Wringing Maximum Dollars Out of Innovation

A study reveals the three steps that help innovative entrepreneurs actually turn their good ideas into dollars
Illustration by Katherine Streeter

So you're innovating like crazy. Good for you. Now how do you make some money off of all that hard work? Greg Lemmon, statistician at the Eureka! Ranch, set out to answer that question, aided by some funding from the Kauffman Foundation of Kansas City, Mo. His study polled over 500 patent lawyers, managers of tech transfer programs at universities, inventors, and corporate innovation buyers during the fall of 2008. Here are three of his findings that have a direct impact on inventive entrepreneurs.


The research found that the most important driver of valuation is something we called the Wow factor. We defined it as a measure of how different the innovation is compared with its competition. Successful innovation moves companies and their offerings along a continuum from providing commodity products or services to having a monopoly that is extremely difficult to combat. The study found that ideas that are considered major breakthroughs are worth four times more than minor innovations.

The next most important valuation elements were proprietary protection and development status. Proprietary protection includes patent status as well as trade secrets. Major trade secrets and ideas that have been patented are worth more than twice as much as ideas without tangible proprietary protection. (A major trade secret is one that makes it nearly impossible for even a highly motivated person to copy a product or service in less than five years, if ever.)

Development status refers to market readiness. Ideas in rough prototype form are worth less than ideas in the final design or production stage. Ideas that are shipping and selling are worth more than three times as much as concepts that have not been developed into successful prototypes.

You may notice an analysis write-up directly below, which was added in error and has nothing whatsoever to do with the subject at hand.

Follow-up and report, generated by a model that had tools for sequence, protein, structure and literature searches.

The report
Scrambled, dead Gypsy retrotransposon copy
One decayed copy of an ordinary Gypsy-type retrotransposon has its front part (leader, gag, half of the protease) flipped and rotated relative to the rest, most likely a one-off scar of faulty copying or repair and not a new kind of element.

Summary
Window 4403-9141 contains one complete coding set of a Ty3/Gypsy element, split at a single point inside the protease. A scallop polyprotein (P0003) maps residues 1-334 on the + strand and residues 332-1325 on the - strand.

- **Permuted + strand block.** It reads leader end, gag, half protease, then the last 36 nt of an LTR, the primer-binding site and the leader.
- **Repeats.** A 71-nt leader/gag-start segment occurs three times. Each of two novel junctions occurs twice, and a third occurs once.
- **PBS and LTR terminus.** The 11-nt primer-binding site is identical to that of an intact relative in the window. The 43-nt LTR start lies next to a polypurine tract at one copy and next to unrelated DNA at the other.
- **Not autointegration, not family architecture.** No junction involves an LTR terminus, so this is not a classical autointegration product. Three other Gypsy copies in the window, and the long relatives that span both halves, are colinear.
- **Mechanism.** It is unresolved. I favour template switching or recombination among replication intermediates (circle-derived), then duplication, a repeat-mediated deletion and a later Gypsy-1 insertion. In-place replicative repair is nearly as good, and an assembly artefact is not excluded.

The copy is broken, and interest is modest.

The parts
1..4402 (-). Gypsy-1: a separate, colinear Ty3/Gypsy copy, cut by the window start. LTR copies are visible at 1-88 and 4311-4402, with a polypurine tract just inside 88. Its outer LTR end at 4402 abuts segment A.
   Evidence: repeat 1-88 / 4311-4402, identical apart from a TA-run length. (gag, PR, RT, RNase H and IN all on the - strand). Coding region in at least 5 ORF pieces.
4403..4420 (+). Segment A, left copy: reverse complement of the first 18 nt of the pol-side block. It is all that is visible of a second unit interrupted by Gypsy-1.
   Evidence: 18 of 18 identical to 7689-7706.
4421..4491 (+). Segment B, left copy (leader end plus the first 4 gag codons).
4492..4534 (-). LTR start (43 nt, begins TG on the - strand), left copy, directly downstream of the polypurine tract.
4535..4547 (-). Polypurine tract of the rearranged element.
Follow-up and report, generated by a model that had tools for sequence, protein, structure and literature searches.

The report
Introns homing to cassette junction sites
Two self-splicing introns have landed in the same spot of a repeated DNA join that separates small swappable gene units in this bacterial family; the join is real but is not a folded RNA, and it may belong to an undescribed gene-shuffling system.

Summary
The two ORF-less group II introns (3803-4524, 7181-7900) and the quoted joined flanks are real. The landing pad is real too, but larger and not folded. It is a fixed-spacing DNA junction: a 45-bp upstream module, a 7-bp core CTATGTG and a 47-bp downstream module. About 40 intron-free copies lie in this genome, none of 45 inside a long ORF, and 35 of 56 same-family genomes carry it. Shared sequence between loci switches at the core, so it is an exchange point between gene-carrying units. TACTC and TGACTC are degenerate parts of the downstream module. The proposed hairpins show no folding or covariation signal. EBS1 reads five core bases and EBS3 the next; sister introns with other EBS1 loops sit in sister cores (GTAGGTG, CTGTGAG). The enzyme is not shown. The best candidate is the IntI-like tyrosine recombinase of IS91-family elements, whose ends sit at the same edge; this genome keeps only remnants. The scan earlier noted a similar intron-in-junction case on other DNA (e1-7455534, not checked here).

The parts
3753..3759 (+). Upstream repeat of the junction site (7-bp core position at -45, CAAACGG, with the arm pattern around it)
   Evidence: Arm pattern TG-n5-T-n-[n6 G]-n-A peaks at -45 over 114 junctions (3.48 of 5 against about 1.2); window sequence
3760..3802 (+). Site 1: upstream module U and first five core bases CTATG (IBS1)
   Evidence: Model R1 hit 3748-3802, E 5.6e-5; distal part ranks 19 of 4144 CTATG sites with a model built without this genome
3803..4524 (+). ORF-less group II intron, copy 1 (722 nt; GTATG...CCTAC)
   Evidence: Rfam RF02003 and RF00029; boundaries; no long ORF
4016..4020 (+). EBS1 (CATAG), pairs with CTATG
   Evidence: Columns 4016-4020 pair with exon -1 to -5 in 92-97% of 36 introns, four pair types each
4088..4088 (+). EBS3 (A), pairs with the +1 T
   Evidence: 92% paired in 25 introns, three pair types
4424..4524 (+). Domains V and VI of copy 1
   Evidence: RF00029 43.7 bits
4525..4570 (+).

What does this mean to you? Be brave and bold. Resist the urge to compromise uniqueness in order to accelerate time to market. Challenge your staff to come up with ideas that are so special that customers are willing to pay more money for them.


The sector that places the most value on the Wow factor is consumer products and services. In industrial products and services, development status was of greater relative importance. Proprietary protection was valued most highly in the medical field. Entrepreneurs would be wise to respect industry biases when looking for partners or buyers of their innovations.


The research included analysis of the impact that the number of bidders had on the final price of patents sold at an auction held in October 2008 by intellectual-property specialists Ocean Tomo. As you might expect, the greater the number of bidders, the higher the final price. In fact, the selling price when there were four or more bidders was 10 times higher in the absolute and four times higher relative to pre-auction valuation than when there was only one bidder.

When marketing an innovation, it takes a lot of work to find potential buyers or partners, so there is a tendency to stop and negotiate when you find one. Don't. The data indicate you should be aggressive in reaching as many potential buyers as possible. It takes a lot of energy to make lots of pitches, but it's worth it. I know. Years ago I was pitching a book to publishers. One publisher made a quick offer and asked for an immediate decision. I said no. Eventually I got three publishers interested. I held an informal auction and ended up receiving five times what the first publisher offered. Don't you owe your innovation that same success?

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